During this year’s PAN @ CLEF evaluation lab on digital forensics, three of Anchormen’s data scientists participated in the Author Profiling task. The goal was to predict the author’s gender based on series of tweets (text) and images.
For this article, we sit down with Luka Stout, a Machine Learning Engineer at Anchormen, who agreed to share his experience with us.
Can you tell us a bit more about the PAN, the task that you chose and who you worked on it with?
Luka Stout: PAN is a series of scientific events on digital text forensics and stylometry (variations in writing style between writers). They organize this event every year for a while now and we usually participate when we have the time. I worked on this together with Chris Pool and Robert Musters, both very skilled Data Scientists at Anchormen.
This year’s tasks were author identification, author obfuscation, and author profiling. There isn’t any special reason why we chose specifically the author profiling task. Chris has some experience with it and thought it could be interesting to work on.
What is author profiling and where do you see applications of the research?
Luka Stout: Author profiling distinguishes between classes of authors studying their sociolect aspect (the dialect of a social group), that is, how language is shared by people. This helps in identifying profiling aspects such as gender, age, native language, or personality type. Author profiling is a problem of growing importance in fields such as forensics, security, and marketing.
For example, from a forensic linguistics perspective one would like to be able to know the linguistic profile of the author of a harassing text message (language used by a certain type of people) and identify certain characteristics (language as evidence). Similarly, from a marketing viewpoint, companies may be interested in knowing, based on the analysis of blogs and online product reviews, the demographics of their target groups.
What kind of data did you have to work with?
The training set consisted of text in three different languages and images that were posted by the authors. For each author, we had 100 tweets and 10 images. For English and Spanish, there were 3,000 authors and for Arabic, 1,500 authors. In total, the developed model analyzed 750,000 tweets and 75,000 images.
What was the goal that you set out to accomplish and how did you do it?
Luka Stout: The goal was to develop a model that can infer the gender of the author based on
1) their tweets,
and 3) a combination of the two.
The inclusion of 3 different languages raised a further question – can a single model architecture work well across various languages?
In the end, we built two models. One for the text-based task that used text classification, and another for the image-based task. Both traditional techniques (tf-idf and Naïve Bayes) and deep learning techniques (Recurrent Neural Networks and Convolutional Neural Networks) were applied in order to create a model with the highest possible accuracy level.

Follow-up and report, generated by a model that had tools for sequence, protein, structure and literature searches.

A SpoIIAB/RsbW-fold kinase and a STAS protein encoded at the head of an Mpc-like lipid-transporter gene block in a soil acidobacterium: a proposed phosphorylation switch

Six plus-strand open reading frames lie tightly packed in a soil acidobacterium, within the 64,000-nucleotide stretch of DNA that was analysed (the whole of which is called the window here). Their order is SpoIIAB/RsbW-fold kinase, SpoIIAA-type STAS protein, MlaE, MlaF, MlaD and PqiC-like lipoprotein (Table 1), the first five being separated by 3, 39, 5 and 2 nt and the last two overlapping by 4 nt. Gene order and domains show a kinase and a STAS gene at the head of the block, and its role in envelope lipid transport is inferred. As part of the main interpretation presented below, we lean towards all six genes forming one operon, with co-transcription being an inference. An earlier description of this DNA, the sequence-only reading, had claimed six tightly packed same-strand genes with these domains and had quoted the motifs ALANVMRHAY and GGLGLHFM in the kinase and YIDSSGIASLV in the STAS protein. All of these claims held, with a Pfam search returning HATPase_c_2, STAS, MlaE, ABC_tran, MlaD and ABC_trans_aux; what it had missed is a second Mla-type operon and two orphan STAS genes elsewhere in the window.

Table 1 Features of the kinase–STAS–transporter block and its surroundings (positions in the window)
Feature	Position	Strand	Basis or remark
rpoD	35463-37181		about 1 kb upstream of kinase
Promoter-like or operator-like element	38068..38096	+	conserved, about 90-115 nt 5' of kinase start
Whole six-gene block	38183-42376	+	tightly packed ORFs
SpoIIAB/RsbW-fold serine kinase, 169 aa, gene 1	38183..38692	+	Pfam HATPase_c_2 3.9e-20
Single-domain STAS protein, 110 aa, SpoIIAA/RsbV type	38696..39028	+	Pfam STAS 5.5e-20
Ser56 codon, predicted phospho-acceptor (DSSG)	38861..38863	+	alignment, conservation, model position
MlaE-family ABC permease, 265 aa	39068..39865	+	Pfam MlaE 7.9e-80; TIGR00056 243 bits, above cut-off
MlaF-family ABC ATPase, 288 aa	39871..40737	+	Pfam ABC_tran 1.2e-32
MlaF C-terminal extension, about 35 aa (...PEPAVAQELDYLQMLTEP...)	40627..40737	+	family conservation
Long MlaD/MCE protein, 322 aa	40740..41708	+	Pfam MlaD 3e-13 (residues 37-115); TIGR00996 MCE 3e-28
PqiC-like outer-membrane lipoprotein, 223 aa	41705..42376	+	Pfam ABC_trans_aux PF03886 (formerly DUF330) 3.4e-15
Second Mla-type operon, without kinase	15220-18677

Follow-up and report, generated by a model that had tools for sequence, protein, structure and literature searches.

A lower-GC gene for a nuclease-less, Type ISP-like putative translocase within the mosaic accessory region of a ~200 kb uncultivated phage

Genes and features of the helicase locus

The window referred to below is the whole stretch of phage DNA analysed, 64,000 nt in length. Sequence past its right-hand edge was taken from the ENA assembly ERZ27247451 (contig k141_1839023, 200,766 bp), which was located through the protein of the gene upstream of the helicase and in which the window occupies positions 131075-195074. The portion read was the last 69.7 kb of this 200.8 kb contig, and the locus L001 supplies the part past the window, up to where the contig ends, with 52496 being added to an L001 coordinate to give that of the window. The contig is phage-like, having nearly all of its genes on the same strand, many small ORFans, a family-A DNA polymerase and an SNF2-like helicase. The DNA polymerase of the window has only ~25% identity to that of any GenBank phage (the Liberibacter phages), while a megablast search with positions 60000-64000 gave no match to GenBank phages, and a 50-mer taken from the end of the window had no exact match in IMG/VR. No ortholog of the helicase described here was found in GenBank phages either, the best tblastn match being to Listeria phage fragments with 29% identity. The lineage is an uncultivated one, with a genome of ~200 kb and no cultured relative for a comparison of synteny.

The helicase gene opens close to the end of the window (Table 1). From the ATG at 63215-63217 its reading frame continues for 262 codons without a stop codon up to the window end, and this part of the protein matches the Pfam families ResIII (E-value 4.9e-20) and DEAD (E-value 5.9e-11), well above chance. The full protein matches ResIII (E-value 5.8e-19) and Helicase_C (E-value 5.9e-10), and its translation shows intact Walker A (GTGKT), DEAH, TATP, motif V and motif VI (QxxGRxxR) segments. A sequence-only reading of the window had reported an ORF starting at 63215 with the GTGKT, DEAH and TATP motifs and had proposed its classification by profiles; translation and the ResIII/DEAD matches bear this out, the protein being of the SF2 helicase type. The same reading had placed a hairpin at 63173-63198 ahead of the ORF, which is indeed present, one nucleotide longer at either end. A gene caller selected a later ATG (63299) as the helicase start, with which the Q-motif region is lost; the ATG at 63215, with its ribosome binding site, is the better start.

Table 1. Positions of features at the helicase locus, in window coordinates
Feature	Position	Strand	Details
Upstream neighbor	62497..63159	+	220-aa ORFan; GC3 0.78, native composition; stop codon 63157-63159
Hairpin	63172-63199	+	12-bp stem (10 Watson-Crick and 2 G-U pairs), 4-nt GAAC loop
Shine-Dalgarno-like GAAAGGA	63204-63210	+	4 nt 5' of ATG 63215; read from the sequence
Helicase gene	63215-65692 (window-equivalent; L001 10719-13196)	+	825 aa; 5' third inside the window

Side Note: If you follow our “Data Science Digest” series, you will remember that recently we talked about Natural Language Processing (NLP) and one of the main areas we focus on was text classification.
So, the moment of truth. What were the results?
We achieved a combined accuracy of 76.2% when predicting an author’s gender with text alone. Although, all models were tested, the deep learning one gave the best results. What is interesting is that there was a significant discrepancy between the languages with Spanish being the least accurate. This might be because additional preprocessing was done for English and Arabic, but it could as well be because of unknown variables such as language pattern which we don’t understand.
Here the results were a bit disappointing for us. We faced some difficulties with determining author’s gender based on images alone. Especially if the images were not of themselves but random objects. Because of that, we tried focusing only on selfies. We built a classifier that can distinguish between selfies and other types of images with a 96% accuracy and then put them (the selfies set) through a prediction model to determine if the user is a male or a female. On the other hand, images without a selfie were ran through a random prediction model which gave insignificant results. The accuracy levels were 62.3% for Arabic, 65.8% for English, and 62.3% for Spanish.
Do you mind sharing the full paper and results with our readers?
Luka Stout: Sure! Below you can see the table with the results and you can find the full paper here.
What was the biggest difficulty that you guys faced when working on the project?
Luka Stout: I guess the most difficult aspect is the same as with any other data project – the amount of data that you have to work with. The quality and quantity of available data is always the first concern, because that is what gives you an indication of how accurate (and useful) results you will have in the end. In this case we had only 100 tweets and 10 images per author available and as you know, Twitter has a limit on characters you can use in a tweet. All of this meant that we didn’t have much to work with, but I think the models still performed rather well.
Another issue was with the image classification. Because the images varied so much (i.e. you can have 1 selfie, 1 picture of a tree, a house, a beach, an inspirational quote, your pet, etc.) it was difficult to classify them in a meaningful way. This is also indicated in the lower image results that we got. I’m curious to see how other teams performed in that area.